Optimising Apache (for AWS EC2 micro or small instances)

In this post I’ll talk about the optimising / configuring I did on Apache. So my site could live happily on its new home of AWS EC2 small instance ( running Amazon Linux ). The guide below covers sites that get maybe a few hundred page views per day (if you have bigger traffic you will probably need a bigger server).

I moved my site to AWS and it kept crashing Apache, I would restart it and it would be fine for while (maybe a few days or a week), then the same thing would happen again.

I looked in to the memory situation with Apache and found out it was launching a number of processes (too many, for the amount of RAM I had on my EC2 instance ). This is what I did to fix it. The command below can be handy to give you a quick view of whats currently being used (memory wise on your server).

free -m


Check which MPM you running ( for small such as mine e.g. 1GB RAM , you want to be running prefork ):

httpd -V | grep MPM      

If that doesn’t say prefork you need to alter Apache conf or one of the conf files ( I had to edit /etc/httpd/conf.modules.d/000-mpm.conf , but it can be different based on your distro, Amazon Linux seems to be quite similar to CentOS 7). Its good practice to always make a backup of any config you change. In your apache dir eg /etc/httpd in my case (grep might help you locate ).

grep -r “prefork”

I had to comment out the other (mpm event module ) and uncomment prefork so I had this loaded:

LoadModule mpm_prefork_module modules/mod_mpm_prefork.so

I then added this in the same file ( grep to check if you have some of this already):

<IfModule mpm_prefork_module>

    StartServers             1

    MinSpareServers          1

    MaxSpareServers          1

    MaxRequestWorkers       15

    MaxConnectionsPerChild   0


Because my memory was low. I needed to keep the Servers started low and MaxRequestWorkers also. This is how I calculated how to work out MaxRequestWorkers. First I grepped to see how many processes Apache had running:

ps -aux | grep apache

This showed me a bunch of php-fpm that I run this for to see the memory they were taking up:

ps -ylC php-fpm –sort:rss | awk ‘{sum+=$8; ++n} END {print “Tot=”sum”(“n”)”;print “Avg=”sum”/”n”=”sum/n/1024″MB”}’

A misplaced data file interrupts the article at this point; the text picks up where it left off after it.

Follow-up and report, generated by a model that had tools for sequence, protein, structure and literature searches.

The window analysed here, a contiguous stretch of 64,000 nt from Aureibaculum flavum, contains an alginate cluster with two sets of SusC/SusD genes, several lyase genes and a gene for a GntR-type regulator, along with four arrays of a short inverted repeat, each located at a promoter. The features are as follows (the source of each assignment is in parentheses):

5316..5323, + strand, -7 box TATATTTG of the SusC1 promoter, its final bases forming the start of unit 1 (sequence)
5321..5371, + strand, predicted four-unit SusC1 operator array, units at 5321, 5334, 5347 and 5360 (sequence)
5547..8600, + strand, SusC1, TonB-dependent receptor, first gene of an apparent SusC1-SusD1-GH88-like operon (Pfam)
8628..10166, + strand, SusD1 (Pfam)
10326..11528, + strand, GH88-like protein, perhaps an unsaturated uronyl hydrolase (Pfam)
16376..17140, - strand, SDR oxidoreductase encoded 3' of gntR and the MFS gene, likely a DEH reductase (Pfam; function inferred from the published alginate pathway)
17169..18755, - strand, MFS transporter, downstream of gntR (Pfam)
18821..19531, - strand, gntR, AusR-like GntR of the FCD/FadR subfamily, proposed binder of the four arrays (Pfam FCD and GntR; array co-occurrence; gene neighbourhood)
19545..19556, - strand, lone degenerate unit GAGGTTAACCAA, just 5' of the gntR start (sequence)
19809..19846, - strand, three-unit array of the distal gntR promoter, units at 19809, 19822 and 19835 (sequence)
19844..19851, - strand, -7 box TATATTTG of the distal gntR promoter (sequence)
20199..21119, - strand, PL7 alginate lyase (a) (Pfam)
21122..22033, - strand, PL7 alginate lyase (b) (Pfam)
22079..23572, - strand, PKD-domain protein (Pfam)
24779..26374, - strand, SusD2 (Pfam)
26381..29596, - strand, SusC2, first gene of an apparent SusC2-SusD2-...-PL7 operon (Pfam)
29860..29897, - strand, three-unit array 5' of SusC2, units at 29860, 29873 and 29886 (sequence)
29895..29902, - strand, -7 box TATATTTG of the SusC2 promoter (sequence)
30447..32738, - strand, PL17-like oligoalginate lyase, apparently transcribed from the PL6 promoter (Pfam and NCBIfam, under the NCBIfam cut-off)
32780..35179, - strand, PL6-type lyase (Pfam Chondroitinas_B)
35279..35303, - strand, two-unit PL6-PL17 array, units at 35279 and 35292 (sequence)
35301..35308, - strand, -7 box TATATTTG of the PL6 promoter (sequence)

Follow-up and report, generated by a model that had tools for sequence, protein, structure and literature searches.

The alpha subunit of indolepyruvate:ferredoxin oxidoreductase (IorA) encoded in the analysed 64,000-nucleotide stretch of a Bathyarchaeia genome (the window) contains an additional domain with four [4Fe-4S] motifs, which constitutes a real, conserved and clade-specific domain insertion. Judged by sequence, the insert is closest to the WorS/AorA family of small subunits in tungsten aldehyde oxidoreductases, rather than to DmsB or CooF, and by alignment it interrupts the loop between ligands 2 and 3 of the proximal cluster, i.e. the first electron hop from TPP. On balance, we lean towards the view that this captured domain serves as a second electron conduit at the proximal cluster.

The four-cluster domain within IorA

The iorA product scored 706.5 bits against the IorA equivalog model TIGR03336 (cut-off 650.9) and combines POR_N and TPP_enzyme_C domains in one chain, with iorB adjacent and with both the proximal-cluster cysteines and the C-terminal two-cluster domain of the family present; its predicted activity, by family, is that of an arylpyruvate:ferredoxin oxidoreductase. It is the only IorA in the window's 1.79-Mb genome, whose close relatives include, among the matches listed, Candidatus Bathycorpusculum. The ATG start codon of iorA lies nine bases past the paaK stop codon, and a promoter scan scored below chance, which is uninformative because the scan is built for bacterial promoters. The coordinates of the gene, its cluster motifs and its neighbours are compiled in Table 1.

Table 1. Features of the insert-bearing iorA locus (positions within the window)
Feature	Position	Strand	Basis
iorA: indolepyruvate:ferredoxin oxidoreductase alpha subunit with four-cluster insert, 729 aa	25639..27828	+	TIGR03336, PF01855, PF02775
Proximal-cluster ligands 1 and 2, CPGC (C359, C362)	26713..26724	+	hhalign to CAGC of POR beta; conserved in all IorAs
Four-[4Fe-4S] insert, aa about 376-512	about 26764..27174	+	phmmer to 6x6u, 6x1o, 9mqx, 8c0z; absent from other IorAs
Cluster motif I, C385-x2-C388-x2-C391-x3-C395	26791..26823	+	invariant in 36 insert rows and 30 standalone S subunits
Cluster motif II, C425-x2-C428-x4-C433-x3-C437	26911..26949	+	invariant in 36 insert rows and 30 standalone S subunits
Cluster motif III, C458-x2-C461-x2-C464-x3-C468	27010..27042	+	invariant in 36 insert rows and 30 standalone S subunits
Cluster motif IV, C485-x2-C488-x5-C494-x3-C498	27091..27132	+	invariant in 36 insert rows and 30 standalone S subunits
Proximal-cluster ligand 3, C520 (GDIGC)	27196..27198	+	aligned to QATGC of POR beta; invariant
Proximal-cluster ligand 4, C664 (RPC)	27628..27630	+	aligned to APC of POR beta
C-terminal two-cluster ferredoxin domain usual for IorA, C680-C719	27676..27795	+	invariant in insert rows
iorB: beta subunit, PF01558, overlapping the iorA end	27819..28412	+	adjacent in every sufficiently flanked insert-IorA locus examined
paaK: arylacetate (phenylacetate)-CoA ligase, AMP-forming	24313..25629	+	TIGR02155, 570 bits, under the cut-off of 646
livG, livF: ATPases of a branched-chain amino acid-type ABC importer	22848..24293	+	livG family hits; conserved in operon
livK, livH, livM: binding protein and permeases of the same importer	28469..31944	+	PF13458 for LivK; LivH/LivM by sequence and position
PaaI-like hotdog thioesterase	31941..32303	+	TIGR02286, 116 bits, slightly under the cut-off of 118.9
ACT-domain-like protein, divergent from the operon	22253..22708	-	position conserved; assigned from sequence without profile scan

This was telling me the memory the apache / php-fpm processes where taking up was about 60 MB per each , My MaxRequestWorkers was set to 256, so 256 * 60 MB = over 15GB of RAM required. Essentially Apache in the busier times was trying to simultaneously accept more connections that I had memory for on my EC2 instance ( I only had 600MB ish spare ). So needed to adjust this down ( 10 * 60MB = 600MB ).

MaxRequestWorkers is the amount of concurrent connections Apache will allow, I def need todo some optimising to get this figure up ( I only get maybe 200 page views per day so its ok for my site – and will be for many small sites / apps ).

Apache queues requests after MaxRequestWorkers reaches its max ( so new requests will wait to be serviced, this should be quick but depends, you may need a bigger EC2 instance if you have more traffic than you can handle ).

Other optimisations I did:

The main optimising the fixed my issues was the above, however I also added this to my apache conf file:

Timeout 60

KeepAlive on

MaxKeepAliveRequests 300

KeepAliveTimeout 2

I wont cover these but check out the liquid web link below (which covers these in detail).

Modules I removed:

Removing some Apache modules which would lower the MB used per Apache process ( so I could have more MaxRequestWorkers )

I grepped to find where modules where ( strewn about the place , but mostly in /etc/httpd/conf.modules.d/00-base.conf in my case):

grep -r LoadModule

Removed some modules, didn’t seem to make any difference so put them back in.

TODO: add what I did to my php-fpm config (www.conf)


The video below is excellent:


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